You probably don’t expect the fruits and vegetables on fast food menus to be the freshest. But did you know that one company, Taylor Farms, is the world’s largest producer of cut salads, fruits and vegetables? That might not seem like much of a surprise in this day and age where corporations own much of our food industry. But for the farm workers sort 0f employed by Taylor Farms, here’s why it really matters.
Red Lobster, Olive Garden, McDonald’s, Subway, KFC, Long John Silver’s, Pizza Hut, Taco Bell and even Chipotle are just some of the restaurants that rely on Taylor Farms for fresh produce for their menu items. So do most major grocery chains including Safeway, Raley’s, Ralphs and Kroger, as well as big-box retailers Walmart, Sam’s Club, Costco and Target. But calling this produce “fresh” might be a misnomer.
In a recent expose published on the Huffington Post, a former Taylor Farms employee recalls “pigeon feces, dead pigeons, dead bats and black mold,” in a Taylor Farms facility in central California.
The sanitation issues though aren’t the real problem, even though they really are problems. They stem from labor issues and Taylor Farms’ reliance on temporary laborers and contractors, particularly farm workers. “Currently, these employees aren’t considered Taylor workers – instead, they are employees of the subcontractors who supply them to Taylor as though they were so many spare parts,” Bill Raden and Gary Cohn wrote for Capital and Main.
The company, which had sales of more than $1.8 billion in 2012, paints a bucolic picture of being a sustainable farm-to-table brand, but according to Raden and Cohn, the company “whose triple-washed packs of kale and vegetable medleys embody an enlightened corporate mission to celebrate organic agriculture, food freshness and dietary health,” is anything but.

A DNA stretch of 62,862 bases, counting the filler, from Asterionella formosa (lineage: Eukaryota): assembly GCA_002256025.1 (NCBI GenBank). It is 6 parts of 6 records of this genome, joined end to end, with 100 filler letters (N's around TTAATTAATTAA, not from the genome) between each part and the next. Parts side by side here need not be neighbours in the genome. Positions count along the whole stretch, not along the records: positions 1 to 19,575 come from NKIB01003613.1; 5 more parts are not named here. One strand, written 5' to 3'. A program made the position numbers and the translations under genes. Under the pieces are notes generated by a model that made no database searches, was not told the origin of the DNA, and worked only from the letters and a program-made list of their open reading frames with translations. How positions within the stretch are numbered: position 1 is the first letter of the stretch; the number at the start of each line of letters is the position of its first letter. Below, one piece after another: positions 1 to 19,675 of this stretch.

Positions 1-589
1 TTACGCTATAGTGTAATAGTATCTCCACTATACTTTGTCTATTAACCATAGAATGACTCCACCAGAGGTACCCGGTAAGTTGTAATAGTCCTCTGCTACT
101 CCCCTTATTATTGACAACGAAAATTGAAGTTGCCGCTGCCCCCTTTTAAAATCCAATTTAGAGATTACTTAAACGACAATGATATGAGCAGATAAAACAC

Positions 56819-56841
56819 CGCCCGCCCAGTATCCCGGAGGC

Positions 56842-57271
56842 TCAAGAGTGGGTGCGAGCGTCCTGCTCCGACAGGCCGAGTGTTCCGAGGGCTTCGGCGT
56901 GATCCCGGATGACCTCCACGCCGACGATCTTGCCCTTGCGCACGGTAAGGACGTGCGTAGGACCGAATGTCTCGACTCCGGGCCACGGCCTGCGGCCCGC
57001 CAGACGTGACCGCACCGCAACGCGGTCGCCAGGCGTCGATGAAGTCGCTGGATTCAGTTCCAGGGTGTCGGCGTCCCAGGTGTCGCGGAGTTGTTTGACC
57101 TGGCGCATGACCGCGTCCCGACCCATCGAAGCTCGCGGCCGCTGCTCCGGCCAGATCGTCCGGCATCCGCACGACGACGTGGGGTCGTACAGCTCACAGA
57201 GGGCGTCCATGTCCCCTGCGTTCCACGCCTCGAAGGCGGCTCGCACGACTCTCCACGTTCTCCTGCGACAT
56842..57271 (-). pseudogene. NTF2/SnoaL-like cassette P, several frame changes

Of the nearly 1,000 Taylor Farms employees in Tracy, Calif., about two-thirds work for subcontractors as “temporary” employees, even though some of these people have worked for Taylor Farms for a decade. “They can be fired at the drop of a foreman’s hat for questioning an instruction or calling in sick,” explained Raden and Cohn. It’s a system that has “radically changed the fundamental expectation that hard work will be rewarded with fair compensation.”
Similar labor issues surrounding our nation’s fruit and vegetable supplies were outlined in the books “Tomatoland: How Modern Industrial Agriculture Destroyed Our Most Alluring Fruit” [Barry Estabrook] and “The American Way of Eating” [Tracie McMillan].
Taylor Farms is a central link in the country’s food chain, explain Raden and Cohn. “The system of food production and distribution from field to drive-through window and supermarket shelf.”
We can’t call food sustainable if it only takes into consideration the environment. People also need to be able to sustain themselves at their occupation.
On the front end of the fast food industry, there have been numerous protests and issues surrounding unlivable wages for employees—some of whom, like the ‘temporary’ contractors for Taylor Farms, have been at their jobs for ten years.
Fast food is changing. Chipotle recently removed GMOs. Panera Bread, Subway and Chick-fil-A are removing artificial additives. But these steps might never be enough if these companies don’t remove their drive-thru mentality when it comes to workers rights.
Find Jill on Twitter @jillettinger
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Image: Alex E. Proimos